My point is that sometimes, we just don’t have the ability to foresee how quickly a scene can change from safe to not safe. We need to have as many tools, even if they are simple ones, in our mental kit, to help us adapt to those changing dynamics and to overcome them and go home safe at the end of our shift.

13. At some point, start to learn above your comfort level

One of the best things that I ever did for myself, after I had my feet pretty well under me, was to stop getting paramedic-level CE’s. I’ll admit, I was really nervous the first nursing conference I went to. It turned out to be such a great experience! Not only were there incredible opportunities to network and build professional relationships that benefit me to this day, but the clinical education was amazing. I know medicine is a profession that no one can ever learn completely. There is both too much knowledge and too much craft to it. To be honest though, paramedics really only scratch the surface. I choose a flight nursing/ED/critical care conference to attend. The first time I went, I probably only understood 50% really well, and conceptually was able to track at about 85%. I then started buying nursing textbooks. (The one that I love most is called “Critical Care Nursing: A Holistic Approach” and I have no financial ties to that book or publisher.) Now I had a tool – other than the Google and Wiki – which allowed me to cross-reference my notes and dig deep. I also noticed that the nurses who had attended the conference loved having a paramedic there! They were more than willing to answer my questions – and I had a lot of them! – and offered to continue to mentor me after the conference was over. I was now able to do more thorough and in-depth history and physical assessments, and I began to conceptualize what the hospital treatment would be for my patient. This meant I could make better decisions about where to transport a patient.

It’s uncomfortable to surrender what “expertise” you may have garnered and feel like the awkward new kid again on the first day at a new school, but the payoff is absolutely worth looking a little foolish for.

14. Choose who gets to speak into your life

Speaking of those nurses offering to be mentors to me, here’s an important thought about which voices you listen to. In public safety, everyone is a critic. I admit that I am. I will place myself in a scenario and wonder how I would have handled that case. I think people have a tendency to express those opinions also, for better or worse. Actually, its for worse. Armchair quarterbacking can really shake one’s confidence and lead to paralysis-by-analysis. Even more detrimentally, it can cause someone to take responsibility for something that might have been out of their control in the moment, and cause unnecessary mental anguish. (The subtext to this paragraph is: Don’t armchair quarterback!)

To counter this, I found a very successful strategy. I chose five people who are widely respected at work, and who I personally respect a lot. One is a physician, one is a nurse, and three are other paramedics. I have talked with these people ahead of time, and treat them as mentors and our conversations as miniature Morbidity and Mortality Rounds. I will proactively come to them with cases that I struggled on, that I am unsure of how I handled myself, or that I am receiving pushback on from other providers. In my mind, I go into it with the clear goal of identifying if there are any system issues, cognitive issues, or scene issues that contributed to how I ran the call. I do this really informally in the conversation, but these are my clear personal goals.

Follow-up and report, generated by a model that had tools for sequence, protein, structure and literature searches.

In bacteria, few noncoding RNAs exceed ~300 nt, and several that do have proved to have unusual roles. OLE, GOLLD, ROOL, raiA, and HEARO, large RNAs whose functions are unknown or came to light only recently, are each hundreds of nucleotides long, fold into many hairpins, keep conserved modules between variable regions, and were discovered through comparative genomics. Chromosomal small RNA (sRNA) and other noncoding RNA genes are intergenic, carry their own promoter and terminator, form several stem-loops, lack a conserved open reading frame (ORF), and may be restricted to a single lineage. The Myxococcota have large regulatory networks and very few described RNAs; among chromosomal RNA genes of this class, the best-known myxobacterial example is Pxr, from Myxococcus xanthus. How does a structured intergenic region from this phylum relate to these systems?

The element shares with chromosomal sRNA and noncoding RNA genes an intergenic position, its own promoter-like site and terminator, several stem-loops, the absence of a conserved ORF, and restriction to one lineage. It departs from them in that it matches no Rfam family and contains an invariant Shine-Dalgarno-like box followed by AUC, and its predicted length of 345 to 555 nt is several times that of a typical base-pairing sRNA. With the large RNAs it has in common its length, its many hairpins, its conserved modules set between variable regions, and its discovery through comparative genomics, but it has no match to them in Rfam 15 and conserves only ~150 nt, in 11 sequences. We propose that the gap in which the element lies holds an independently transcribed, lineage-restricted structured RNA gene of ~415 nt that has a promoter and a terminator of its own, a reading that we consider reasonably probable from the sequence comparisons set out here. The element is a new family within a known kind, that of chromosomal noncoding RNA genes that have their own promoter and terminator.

These five people have a free pass to say anything they want to me. They can critique me, ask any question, offer any suggestion, or any encouragement. They can also ask me to look further into something, and I take that as homework and treat it seriously.

With this team assembled and a phone call away, I feel that I can then ignore the rest of the voices chirping in my ear. Everyone else can say whatever they want. I am not responsible to those people or their opinions. I choose to submit myself though to the opinions of my team, these other well-respected people. This holds me accountable, teaches me, and keeps my inner dialogue and critiques in a healthy perspective. I absolutely credit these people with making me the thinking paramedic I am today, and believe sincerely this is one of the best pieces of advice I can offer anyone.

15. We don’t get to choose the war we fight, we fight the war we are given

Expectations can lead to so much disappointment. I know this sounds kind of cynical, but its a pragmatic approach to working and to the work environment that has kept me calm while others are about to be sent for alone time in a padded room.

We have very little control of our lives at work. We come and go and are sent at the time of another’s choosing. We operate under agency policies, protocols, and state and federal law. Even things such as sleeping and eating are often interrupted because of someone else’s decisions. When we arrive on the scene of a call, we rarely get to control our environment or the people on the scene. When it is time to go home, we all know how disheartening it is to get that late call and be held over.

What we can control is our level of expectation. I am solely responsible for my attitude. The vast majority of the time, I can combat a negative turn in a attitude by realizing this is all out of my control. Maybe this is why I like having a clean truck and uniform, because in those things, I can express my own control. I can choose fun music, I can choose to be a good partner, I can choose to be polite. In doing all of this, I find myself enjoying work more than I did when I was new and got frustrated not being able to do what I wanted, when I wanted. I think that was a huge sign of me maturing as a human being, not solely as a paramedic.
Not sure when the next post will be, but I imagine it will be either Tuesday or Wednesday. Thanks again so much for reading and for the kind words and support! This has been a great experience putting these thoughts to paper!